# Stop Staring and Compute! Automorphism Groups of Rational Curves

Let’s compute the automorphism groups of some curves. There are many ways to do this! We will be using 3 different algorithms for this.

## Directly into your terminal using SageMath

Let’s start with the most straightforward one. Run sage and type this into your terminal, hitting enter after each line.

A.<x,y>=AffineSpace(QQ,2)
C=Curve(y^8-x*(x-1)^4)
S=C.riemann_surface(prec=100)
G=S.symplectic_automorphism_group()
print(G.gens()[0:15])
print(G.order())

Technical P.S.: For sufficiently high degree curves, this will throw a segmentation fault. One must then narrow down where it is coming from. There are three hidden steps before the endomorphism basis calculation, so look for which it is throwing an error:

S=C2.riemann_surface()
_ = S.homology_basis() # [1]
_ = S.cohomology_basis() # [2]
_ = S.period_matrix() # [3]

## Sage Function for Rational Curves

Let’s start with the most straightforward one. Save this file, and start sage in the same folder. Then, load(“file.sage”) will run the program. This is just a rephrasing of the previous method.

from sage.schemes.riemann_surfaces.riemann_surface import RiemannSurface, RiemannSurfaceSum
R.<x,y> = QQ[]
def aut(f):
print(f)
S = RiemannSurface(f, prec = 100)
try:
G = S.symplectic_automorphism_group()
print("OH LAWD ITS COMING")
print(G.gens()[0:15])
print(G.order())
#check_order(G.gens())
except:
print(str(IOError))
pass
#any plane curve goes here
f = y^8 - x*(x-1)^4
aut(f)

## Alternative code

We can also do:

f2 = any plane curve
f1 = hyperelliptic curve of same genus
S1 = RiemannSurface(f1, prec = 100)
T = RiemannSurfaceSum([ S1 ])
T.tau = S2.riemann_matrix()

## Finding Group Structure of Output Set

We get the following matrix output. Then, we clean the matrix output, and declare it to be a group in GAP (gap-core as a linux package). GAP then returns a structure description.

([ 0 0 1 -1]
[ 0 0 -1 0]
[ 0 1 1 0]
[ 1 1 0 1], [ 1 0 -1 1]
[ 0 1 1 0]
[ 0 -1 0 0]
[-1 -1 0 0], [ 1 1 0 1]
[-1 0 1 -1]
[ 0 -1 -1 1]
[-1 -1 -1 0], [ 0 -1 -1 1]
[ 1 1 1 0]
[-1 -1 0 -1]
[-1 0 1 -1], [ 0 0 0 -1]
[ 0 0 -1 1]
[ 1 1 1 0]
[ 1 0 0 1], [ 1 0 0 1]
[ 0 1 1 -1]
[-1 -1 0 0]
[-1 0 0 0], [ 0 0 -1 1]
[ 0 0 0 -1]
[ 1 0 0 1]
[ 1 1 1 0], [ 0 0 -1 0]
[ 0 0 1 -1]
[ 1 1 0 1]
[ 0 1 1 0], [ 1 1 1 0]
[ 0 -1 -1 1]
[-1 0 1 -1]
[-1 -1 0 -1], [ 1 0 -1 1]
[-1 -1 0 -1]
[ 1 1 1 0]
[ 0 1 1 -1], [ 0 -1 -1 1]
[-1 0 0 -1]
[ 1 0 0 0]
[ 1 1 0 0], [ 0 1 1 0]
[ 1 0 -1 1]
[-1 -1 0 0]
[ 0 -1 0 0], [0 1 0 0]
[1 0 0 0]
[0 0 0 1]
[0 0 1 0], [-1 0 0 0]
[ 1 1 0 0]
[ 0 -1 -1 1]
[ 1 0 0 1], [ 1 0 0 1]
[-1 -1 -1 0]
[ 0 0 1 -1]
[ 0 0 0 -1])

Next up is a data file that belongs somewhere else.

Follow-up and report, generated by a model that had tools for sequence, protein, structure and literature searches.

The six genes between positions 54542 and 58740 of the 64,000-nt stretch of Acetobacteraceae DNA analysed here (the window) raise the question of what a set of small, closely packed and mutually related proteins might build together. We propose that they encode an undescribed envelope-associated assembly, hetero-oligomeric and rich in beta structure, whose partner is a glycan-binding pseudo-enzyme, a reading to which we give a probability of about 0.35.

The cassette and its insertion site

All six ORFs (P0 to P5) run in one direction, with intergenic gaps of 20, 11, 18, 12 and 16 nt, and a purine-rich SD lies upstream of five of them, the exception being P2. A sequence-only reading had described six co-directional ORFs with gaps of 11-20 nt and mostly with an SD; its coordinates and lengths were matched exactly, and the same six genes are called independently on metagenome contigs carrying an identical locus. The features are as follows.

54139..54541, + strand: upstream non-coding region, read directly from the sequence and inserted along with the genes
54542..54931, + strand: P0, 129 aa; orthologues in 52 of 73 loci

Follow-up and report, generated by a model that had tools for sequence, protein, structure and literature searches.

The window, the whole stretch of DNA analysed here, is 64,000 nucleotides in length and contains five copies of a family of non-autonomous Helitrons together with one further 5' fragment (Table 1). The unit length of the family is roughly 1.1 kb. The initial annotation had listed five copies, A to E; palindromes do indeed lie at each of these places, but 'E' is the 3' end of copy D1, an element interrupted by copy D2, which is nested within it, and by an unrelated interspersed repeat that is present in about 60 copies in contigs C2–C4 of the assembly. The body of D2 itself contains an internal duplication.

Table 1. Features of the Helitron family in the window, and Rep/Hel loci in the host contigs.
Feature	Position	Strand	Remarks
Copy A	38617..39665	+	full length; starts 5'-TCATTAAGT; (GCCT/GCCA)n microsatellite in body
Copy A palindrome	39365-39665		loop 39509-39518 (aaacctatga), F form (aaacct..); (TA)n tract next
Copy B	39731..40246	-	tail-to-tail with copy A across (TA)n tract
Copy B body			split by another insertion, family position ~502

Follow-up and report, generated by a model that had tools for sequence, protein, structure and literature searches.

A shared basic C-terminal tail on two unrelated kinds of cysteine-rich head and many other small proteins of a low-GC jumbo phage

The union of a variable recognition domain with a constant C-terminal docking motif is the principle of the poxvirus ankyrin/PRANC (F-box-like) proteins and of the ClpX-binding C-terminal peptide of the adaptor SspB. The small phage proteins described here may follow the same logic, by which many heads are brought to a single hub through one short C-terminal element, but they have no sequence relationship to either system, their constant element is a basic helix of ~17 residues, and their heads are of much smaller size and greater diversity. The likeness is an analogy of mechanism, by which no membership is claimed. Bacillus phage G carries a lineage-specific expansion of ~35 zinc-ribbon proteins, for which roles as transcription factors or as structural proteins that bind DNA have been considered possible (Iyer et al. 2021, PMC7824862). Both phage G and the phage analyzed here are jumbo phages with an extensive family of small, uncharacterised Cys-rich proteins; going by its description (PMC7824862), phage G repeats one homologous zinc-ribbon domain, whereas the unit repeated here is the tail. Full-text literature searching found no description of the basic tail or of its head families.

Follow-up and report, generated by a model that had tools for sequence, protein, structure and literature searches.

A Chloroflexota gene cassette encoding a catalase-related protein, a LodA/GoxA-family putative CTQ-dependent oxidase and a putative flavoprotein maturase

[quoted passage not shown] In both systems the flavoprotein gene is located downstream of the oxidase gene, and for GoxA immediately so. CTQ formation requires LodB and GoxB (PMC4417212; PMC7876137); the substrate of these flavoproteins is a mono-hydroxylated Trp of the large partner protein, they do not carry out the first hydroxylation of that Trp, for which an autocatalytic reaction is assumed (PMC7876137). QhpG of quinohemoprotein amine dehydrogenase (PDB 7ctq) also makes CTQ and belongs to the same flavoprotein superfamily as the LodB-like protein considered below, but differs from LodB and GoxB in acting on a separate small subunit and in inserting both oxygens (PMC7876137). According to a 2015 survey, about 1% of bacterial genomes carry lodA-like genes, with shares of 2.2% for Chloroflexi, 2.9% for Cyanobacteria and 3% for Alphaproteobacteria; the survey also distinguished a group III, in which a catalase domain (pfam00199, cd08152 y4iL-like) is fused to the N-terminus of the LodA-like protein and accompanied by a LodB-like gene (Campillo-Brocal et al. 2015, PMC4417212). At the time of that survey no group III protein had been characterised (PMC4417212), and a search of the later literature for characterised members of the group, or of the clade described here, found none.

We clean this output with regex, or manually as follows:

1. find ], [ replace ]],[[
2. find /n, replace ,
3. find doublespace, replace space
4. find [space, replace [
5. find space replace ,
6. find ,, replace ,
7. find [, replace [
8. change ([ and )] to ([[ and ]]) resp.
9. Open gap and plug in:
G := Group([[0,0,1,-1],[0,0,-1,0],[0,1,1,0],[1,1,0,1]],[[1,0,-1,1],[0,1,1,0],[0,-1,0,0],[-1,-1,0,0]],[[1,1,0,1],[-1,0,1,-1],[0,-1,-1,1],[-1,-1,-1,0]],[[0,-1,-1,1],[1,1,1,0],[-1,-1,0,-1],[-1,0,1,-1]],[[0,0,0,-1],[0,0,-1,1],[1,1,1,0],[1,0,0,1]],[[1,0,0,1],[0,1,1,-1],[-1,-1,0,0],[-1,0,0,0]],[[0,0,-1,1],[0,0,0,-1],[1,0,0,1],[1,1,1,0]],[[0,0,-1,0],[0,0,1,-1],[1,1,0,1],[0,1,1,0]],[[1,1,1,0],[0,-1,-1,1],[-1,0,1,-1],[-1,-1,0,-1]],[[1,0,-1,1],[-1,-1,0,-1],[1,1,1,0],[0,1,1,-1]],[[0,-1,-1,1],[-1,0,0,-1],[1,0,0,0],[1,1,0,0]],[[0,1,1,0],[1,0,-1,1],[-1,-1,0,0],[0,-1,0,0]],[[0,1,0,0],[1,0,0,0],[0,0,0,1],[0,0,1,0]],[[-1,0,0,0],[1,1,0,0],[0,-1,-1,1],[1,0,0,1]],[[1,0,0,1],[-1,-1,-1,0],[0,0,1,-1],[0,0,0,-1]]); StructureDescription(G);

Check that this structure description matches the order claimed by this sage program. For context on how this works, see section 5.1 of this paper https://arxiv.org/pdf/1811.07007v2.pdf. The reason numerical approximation is sound is listed in 5.3.

If you’d like to go even further, and compute the period matrix as well, the code for that is here., and section 5.2 of this paper https://arxiv.org/pdf/1811.07007v2.pdf.

## Sage Program for Superelliptic (only?) Curves

This is much faster than the previous code, was implemented by Bruin-Sijsling-Zotine, and is based on this algorithm from Molin-Neuhror https://arxiv.org/abs/1707.07249 . Unfortunately, I also find it quite finnicky sometimes, which is why I list it second.

## Magma Program for Superelliptic Curves

Magma doesn’t throw segmentation faults as often. So, to use this, one must have magma on your machine (not just the magma calculation) as it is necessary to concurrently use must download this package of Edgar Costa. https://github.com/edgarcosta/endomorphisms

SetVerbose("EndoFind", 0);
SetVerbose("CurveRec", 0);
prec := 300;
F := RationalsExtra(prec);
CC := FCC;
R<x> := PolynomialRing(F);
p := x^4 - x;
e := 3;
// Construct superelliptic curve y^3 = x^4 - x
S := RiemannSurface(p, e : Precision := Precision(CC));
P := BigPeriodMatrix(S);
P := ChangeRing(P, CC);
GeoEndoRepCC := GeometricEndomorphismRepresentationCC(P);
GeoEndoRep := GeometricEndomorphismRepresentation(P, F);
print GeoEndoRep;`